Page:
the concentration of surface states is very high so that qss becomes

larger than qsc at a given A Vsc, Fermi level pinning by surface states

occurs. In this case, even before the contact with an electrolyte

solution, band bending within the semiconductor occurs (qei = 0,

qsc = -qss)71 and the charge required to attain an equilibrium with

a redox couple upon contact is provided by the surface states. This

situation is quite similar to the metal/semiconductor junctions with

a high density of surface states discussed before. Bard et al.71

calculated qsc and qss to demonstrate the conditions required for

this situation with values of n, = 1.3 x 106cnT3, e = 12, kT =

0.0257 eV and with the assumption of half occupancy of Nss (Fig.

8). One must note that when Nss 71 becomes larger than ca. 1012 cm"2,

which represents only ~ 1 % surface coverage, qss is greater than

qsc for any moderately doped semiconductors, leading to Fermi

level pinning. Experimental results at several semiconductor elec-



10"



10"

1



10* o

O



Figure 8. Surface charge in an ntype semiconductor: (a) space

charge, qsc, at various doping levels

(N) at A Vsc of -0.3 and -1.0 V; (b)

surface state charge (qss) as a function of surface state density, 7VSS,

assuming half-occupancy. Potential drop across Helmholtz layer

due to semiconductor charge can

be calculated by Eq. (37).



10"

1



S



1O'



1



10'



4



1



10'



s



1



10' -



10° <%\



cr 10"' -



o



/



o

io-«



cr



3



-



10"



i



1



10"



10" 10"



N/crrf



10"



10



i

17



20



Kohei Uosaki and Hideaki Kita



-10



0



Redox Potentlal/V vs. SCE

Figure 9. Open-circuit photovoltage for the n-GaAs, 64 p-GaAs, 64 and p-Si 67 in

CH 3 CN/[n-Bu 4 N]CIO 4 solutions as a function of solution redox potential.



trodes have shown that this is a rather common situation.64"70 Some

typical results of Fermi level pinning are shown in Fig. 9.

Gerischer73 and Nozik74 have stated that the formation of an

inversion layer can also cause a shift of band edges. For small

bandgap semiconductors, this effect may be more important. The

formation of an inversion layer has been shown experimentally at

several semiconductor/electrolyte interfaces.75"78

3. Distribution of Externally Applied Potential at the

Semiconductor/Electrolyte Interfaces

(i) Surface States of Free Semiconductors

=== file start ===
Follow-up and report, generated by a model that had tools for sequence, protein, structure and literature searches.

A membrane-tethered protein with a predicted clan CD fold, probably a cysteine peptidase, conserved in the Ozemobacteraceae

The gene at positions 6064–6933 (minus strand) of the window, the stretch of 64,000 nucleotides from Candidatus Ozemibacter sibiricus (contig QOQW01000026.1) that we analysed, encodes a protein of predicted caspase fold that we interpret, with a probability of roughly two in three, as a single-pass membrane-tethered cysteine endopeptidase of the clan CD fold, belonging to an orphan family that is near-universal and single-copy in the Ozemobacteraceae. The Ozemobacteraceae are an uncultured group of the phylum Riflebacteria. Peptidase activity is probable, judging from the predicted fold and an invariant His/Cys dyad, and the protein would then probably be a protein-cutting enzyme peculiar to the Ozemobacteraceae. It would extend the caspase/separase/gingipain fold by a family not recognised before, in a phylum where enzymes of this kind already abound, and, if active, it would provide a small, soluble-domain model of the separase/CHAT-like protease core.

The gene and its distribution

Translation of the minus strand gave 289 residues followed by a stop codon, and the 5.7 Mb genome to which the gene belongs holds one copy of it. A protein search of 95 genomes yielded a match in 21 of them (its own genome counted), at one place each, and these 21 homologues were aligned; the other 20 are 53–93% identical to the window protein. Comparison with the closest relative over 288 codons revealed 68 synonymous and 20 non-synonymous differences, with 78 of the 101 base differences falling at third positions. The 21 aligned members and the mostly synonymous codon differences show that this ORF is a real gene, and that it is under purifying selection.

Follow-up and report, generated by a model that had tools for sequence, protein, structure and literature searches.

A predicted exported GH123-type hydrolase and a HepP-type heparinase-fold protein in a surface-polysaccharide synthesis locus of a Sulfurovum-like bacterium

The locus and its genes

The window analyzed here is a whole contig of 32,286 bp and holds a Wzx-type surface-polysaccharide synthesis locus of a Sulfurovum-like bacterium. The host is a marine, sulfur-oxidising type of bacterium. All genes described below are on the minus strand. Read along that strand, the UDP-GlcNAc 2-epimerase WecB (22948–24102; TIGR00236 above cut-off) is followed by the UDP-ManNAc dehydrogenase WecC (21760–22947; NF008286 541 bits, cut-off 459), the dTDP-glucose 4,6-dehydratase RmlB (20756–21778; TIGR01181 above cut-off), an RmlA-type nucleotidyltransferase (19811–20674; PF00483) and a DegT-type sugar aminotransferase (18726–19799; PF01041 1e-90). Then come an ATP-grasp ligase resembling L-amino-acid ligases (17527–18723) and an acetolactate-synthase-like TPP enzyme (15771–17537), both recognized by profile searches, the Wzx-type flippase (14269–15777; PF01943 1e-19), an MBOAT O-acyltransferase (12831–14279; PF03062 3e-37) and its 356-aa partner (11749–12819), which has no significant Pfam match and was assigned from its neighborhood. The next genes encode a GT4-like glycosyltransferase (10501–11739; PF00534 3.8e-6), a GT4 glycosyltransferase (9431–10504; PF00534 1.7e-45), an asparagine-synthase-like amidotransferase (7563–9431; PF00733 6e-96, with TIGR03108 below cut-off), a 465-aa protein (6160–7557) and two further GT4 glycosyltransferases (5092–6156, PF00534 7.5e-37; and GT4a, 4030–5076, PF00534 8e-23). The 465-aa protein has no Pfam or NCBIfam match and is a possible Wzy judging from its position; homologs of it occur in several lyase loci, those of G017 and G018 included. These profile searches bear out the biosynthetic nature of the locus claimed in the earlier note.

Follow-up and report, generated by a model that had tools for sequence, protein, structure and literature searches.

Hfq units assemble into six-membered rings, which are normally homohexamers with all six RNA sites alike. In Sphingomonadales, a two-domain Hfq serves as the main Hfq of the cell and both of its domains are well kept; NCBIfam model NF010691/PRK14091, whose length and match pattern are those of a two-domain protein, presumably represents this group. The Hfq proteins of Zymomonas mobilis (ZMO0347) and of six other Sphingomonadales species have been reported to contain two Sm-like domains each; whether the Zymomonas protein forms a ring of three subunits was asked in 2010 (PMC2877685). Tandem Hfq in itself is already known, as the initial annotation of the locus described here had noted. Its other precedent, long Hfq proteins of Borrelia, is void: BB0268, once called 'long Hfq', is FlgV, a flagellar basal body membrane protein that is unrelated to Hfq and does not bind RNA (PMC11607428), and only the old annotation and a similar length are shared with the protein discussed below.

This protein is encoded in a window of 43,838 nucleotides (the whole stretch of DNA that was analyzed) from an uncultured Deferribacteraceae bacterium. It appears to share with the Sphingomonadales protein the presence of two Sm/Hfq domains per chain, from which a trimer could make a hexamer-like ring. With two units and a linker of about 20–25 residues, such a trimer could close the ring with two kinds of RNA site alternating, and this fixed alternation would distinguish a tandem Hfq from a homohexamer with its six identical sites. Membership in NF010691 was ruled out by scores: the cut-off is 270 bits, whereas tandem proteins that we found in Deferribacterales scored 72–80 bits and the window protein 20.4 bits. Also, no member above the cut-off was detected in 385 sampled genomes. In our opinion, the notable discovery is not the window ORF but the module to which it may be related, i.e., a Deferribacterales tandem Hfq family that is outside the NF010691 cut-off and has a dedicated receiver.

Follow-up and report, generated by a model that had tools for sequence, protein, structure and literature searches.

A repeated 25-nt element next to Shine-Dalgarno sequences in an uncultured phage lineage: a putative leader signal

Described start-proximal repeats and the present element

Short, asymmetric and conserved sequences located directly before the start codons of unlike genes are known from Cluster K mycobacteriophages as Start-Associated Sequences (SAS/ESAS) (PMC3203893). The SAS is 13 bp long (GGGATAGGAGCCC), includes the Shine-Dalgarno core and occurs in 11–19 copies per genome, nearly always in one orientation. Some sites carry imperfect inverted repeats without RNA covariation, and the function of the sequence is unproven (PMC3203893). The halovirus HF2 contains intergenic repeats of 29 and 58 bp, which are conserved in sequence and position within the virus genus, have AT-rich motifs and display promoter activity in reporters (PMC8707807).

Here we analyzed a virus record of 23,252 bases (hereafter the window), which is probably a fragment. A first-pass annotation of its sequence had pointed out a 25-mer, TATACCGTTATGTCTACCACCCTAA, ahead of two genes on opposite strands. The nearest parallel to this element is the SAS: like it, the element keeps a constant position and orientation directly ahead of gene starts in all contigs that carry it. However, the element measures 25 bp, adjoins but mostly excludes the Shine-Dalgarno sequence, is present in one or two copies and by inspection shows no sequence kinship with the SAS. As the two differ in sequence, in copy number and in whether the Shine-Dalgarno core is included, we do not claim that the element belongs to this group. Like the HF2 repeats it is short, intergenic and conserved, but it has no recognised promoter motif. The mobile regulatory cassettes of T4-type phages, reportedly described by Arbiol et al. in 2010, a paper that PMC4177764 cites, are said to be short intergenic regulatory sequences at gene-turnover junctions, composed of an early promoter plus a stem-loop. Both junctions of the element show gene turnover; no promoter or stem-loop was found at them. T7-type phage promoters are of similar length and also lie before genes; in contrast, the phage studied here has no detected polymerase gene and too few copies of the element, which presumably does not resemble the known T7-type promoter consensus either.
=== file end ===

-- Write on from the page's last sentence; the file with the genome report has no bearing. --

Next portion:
So far only the effect of the surface states is considered, but

if the carrier density is high, even when the surface state density is

low, the potential drop in the Helmholtz layer may be more significant than that in the semiconductor.

Uosaki and Kita calculated A V H /(A Vsc + AVH) as a function

of total potential change, A Vsc + A VH, by using Eqs. (32)-(34) and

(37) and demonstrated that the contribution of A VH is surprisingly

high79 (Fig. 10).t

t Genscher demonstrated the effect of the dielectric constant of the semiconductor

on[AV H /(AV s c



by using the Mott-Schottky approximation. The comparison is

made between AVH/(AVSC + AVH) calculated by using Eqs. (37)

and (38) and that obtained by using Eqs. (32)-(34) and (37) in Fig.

11. When the potential change, (AVSC + AV H ), is relatively large,

the two calculations give similar results, but the difference is significant when (AV SC +AV H ) < 0.15 V.79

The linearity of the Mott-Schottky plot is often considered to

be the evidence of the band-edge pinning. 82 The measured capacitance, C, can be written as

C



1



= C" 1 + C~Hl



(39)



Figure 11. Dependence of the ratio of the potential change in the Helmholtz layer

to the total potential change and of C~2 as a function of total potential change. 79

e = 173. Carrier density is 1019 cnT 3 . (1) A VH/(A VH + A V J vs. AVH + AVSC calculated by using Eqs. (32)-(34) and (37). (2) As curve 1 but calculated by using Eqs.

(37) and (38). (3) C" 2 vs. A VH + A Vsc calculated by using Eqs. (32)-(34), (37), (39),

and (40) and C H = 10 juFcm" 2 . (4) As curve 3 but C H = oo.



where CH and C sc t are the differential capacitance of the Helmholtz

layer and the semiconductor, respectively, and the electrode potential of the semiconductor electrode with respect to the flat band

potential can be written as

V-